Contractors are also not required to go to work everyday. Depending on the project and its requirements, the contractor can work from home or remotely as long as they are able to plan and manage the project effectively.
Greater variety of work:
Since contractors are self-employed and are not restricted in that sense, they can pick and choose their clients and take up as many projects as possible. This therefore provides them with a greater variation and exposure to work and working hours.
There is a high chance that the income contractors make is constantly fluctuating due to unpredictability and lack of consistency. Since contractors are responsible for all of their expenses and costs, and are not reimbursed for it, it can become difficult.
Lack of benefits:
Unlike employees, contractors are not eligible for any benefits like health insurance, vacation, superannuation, that an employer would provide. Contractors are expected to fund these themselves even though they are expensive.
Subcontractors vs contractors
When hiring a contractor for a project, the contractor can go ahead and hire subcontractors who are required for specialized responsibilities. A subcontractor communicates and cooperates with the contractor and does not necessarily engage with the primary client. Take for example, a building contractor may require the services of a subcontractor who specializes in electrics to complete and present their final product.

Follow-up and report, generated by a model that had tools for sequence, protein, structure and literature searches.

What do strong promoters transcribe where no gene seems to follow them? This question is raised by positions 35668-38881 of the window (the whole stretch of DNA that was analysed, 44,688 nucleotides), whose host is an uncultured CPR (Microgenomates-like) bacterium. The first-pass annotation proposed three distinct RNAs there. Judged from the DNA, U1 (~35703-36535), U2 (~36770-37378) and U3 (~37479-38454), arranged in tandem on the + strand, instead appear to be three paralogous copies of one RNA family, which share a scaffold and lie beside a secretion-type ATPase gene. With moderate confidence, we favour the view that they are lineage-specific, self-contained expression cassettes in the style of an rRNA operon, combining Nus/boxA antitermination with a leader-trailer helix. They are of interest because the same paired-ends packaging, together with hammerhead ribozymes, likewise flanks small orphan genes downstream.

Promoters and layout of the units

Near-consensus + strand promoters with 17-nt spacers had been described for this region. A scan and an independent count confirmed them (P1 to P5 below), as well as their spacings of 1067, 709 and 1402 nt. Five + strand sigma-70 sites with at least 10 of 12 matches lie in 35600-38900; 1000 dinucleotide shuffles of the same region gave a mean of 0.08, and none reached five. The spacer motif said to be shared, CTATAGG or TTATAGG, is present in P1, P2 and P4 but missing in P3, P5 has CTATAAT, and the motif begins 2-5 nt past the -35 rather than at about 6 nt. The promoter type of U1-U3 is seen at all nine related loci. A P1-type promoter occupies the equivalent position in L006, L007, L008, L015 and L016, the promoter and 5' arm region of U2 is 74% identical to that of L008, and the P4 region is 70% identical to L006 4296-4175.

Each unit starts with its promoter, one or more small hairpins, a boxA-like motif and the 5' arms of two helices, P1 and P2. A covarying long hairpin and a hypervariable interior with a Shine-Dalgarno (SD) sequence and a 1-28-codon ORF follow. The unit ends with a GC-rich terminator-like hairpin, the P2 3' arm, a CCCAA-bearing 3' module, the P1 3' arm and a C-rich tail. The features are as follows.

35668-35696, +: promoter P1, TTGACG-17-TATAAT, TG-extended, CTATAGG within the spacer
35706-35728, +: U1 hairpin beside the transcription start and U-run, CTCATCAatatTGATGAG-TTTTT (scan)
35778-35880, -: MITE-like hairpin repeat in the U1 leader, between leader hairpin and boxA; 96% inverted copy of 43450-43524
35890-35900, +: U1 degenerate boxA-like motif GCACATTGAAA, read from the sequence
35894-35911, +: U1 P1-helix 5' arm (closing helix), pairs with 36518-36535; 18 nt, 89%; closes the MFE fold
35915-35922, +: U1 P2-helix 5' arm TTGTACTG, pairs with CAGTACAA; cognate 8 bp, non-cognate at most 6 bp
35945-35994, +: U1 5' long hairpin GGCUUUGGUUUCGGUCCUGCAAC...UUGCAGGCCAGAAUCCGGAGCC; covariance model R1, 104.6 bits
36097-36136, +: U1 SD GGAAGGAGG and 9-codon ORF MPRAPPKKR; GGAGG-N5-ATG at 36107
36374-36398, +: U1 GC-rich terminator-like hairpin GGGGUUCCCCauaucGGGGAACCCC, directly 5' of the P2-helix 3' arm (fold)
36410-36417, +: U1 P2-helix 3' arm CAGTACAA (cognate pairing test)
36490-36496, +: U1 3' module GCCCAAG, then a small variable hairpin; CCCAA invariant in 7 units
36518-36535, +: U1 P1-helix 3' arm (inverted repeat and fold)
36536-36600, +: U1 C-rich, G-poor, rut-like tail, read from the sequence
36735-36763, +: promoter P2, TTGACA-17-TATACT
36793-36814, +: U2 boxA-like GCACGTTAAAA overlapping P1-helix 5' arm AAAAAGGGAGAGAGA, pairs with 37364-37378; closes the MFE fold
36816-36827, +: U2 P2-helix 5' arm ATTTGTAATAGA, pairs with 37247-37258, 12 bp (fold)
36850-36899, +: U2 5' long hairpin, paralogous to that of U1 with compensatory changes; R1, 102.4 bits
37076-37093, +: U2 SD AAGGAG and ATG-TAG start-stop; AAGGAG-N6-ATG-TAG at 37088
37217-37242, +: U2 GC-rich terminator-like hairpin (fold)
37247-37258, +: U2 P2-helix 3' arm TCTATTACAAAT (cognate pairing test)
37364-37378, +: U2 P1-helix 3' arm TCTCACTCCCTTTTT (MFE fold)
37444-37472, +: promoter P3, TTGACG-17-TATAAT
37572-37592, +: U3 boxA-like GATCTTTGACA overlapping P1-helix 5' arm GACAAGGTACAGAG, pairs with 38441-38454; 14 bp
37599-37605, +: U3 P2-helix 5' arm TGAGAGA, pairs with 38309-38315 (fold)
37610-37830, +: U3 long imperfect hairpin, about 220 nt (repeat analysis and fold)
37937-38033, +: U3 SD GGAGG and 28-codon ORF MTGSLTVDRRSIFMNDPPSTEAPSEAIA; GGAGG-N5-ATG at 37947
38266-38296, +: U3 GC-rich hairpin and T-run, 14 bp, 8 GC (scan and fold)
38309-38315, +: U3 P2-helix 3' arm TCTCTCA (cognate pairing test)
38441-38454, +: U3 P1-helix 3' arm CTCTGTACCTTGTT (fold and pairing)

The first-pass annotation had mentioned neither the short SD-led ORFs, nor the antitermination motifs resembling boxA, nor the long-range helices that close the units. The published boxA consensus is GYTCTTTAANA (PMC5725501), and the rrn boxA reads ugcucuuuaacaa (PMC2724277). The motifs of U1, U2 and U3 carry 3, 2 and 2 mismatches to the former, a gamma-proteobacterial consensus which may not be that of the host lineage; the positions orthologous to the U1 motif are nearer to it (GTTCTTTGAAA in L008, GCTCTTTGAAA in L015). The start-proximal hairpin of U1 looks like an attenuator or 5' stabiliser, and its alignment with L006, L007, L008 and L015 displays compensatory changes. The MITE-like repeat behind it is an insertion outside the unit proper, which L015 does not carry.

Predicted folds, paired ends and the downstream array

For more information about how to become a subcontractor and the benefits of being one, we have a blog for you!
Employee vs contractor
There are a number of indicators that differentiate an employee from a contractor. These include:
Control over work:
An employee has to work as per the direction of their specific employer, which includes the tasks and responsibilities, working hours, location and pay. In this context, the employee has no control apart from their own input. On the other hand, a contractor has a high level of control over their work in all aspects.
Risks and responsibilities:
When it comes to being accountable for responsibilities and risks, an employee does not have to worry because the employer will be held responsible. Unlike employees, a contractor is very much responsible for complying with various requirements and can be liable.
Equipment and supply management: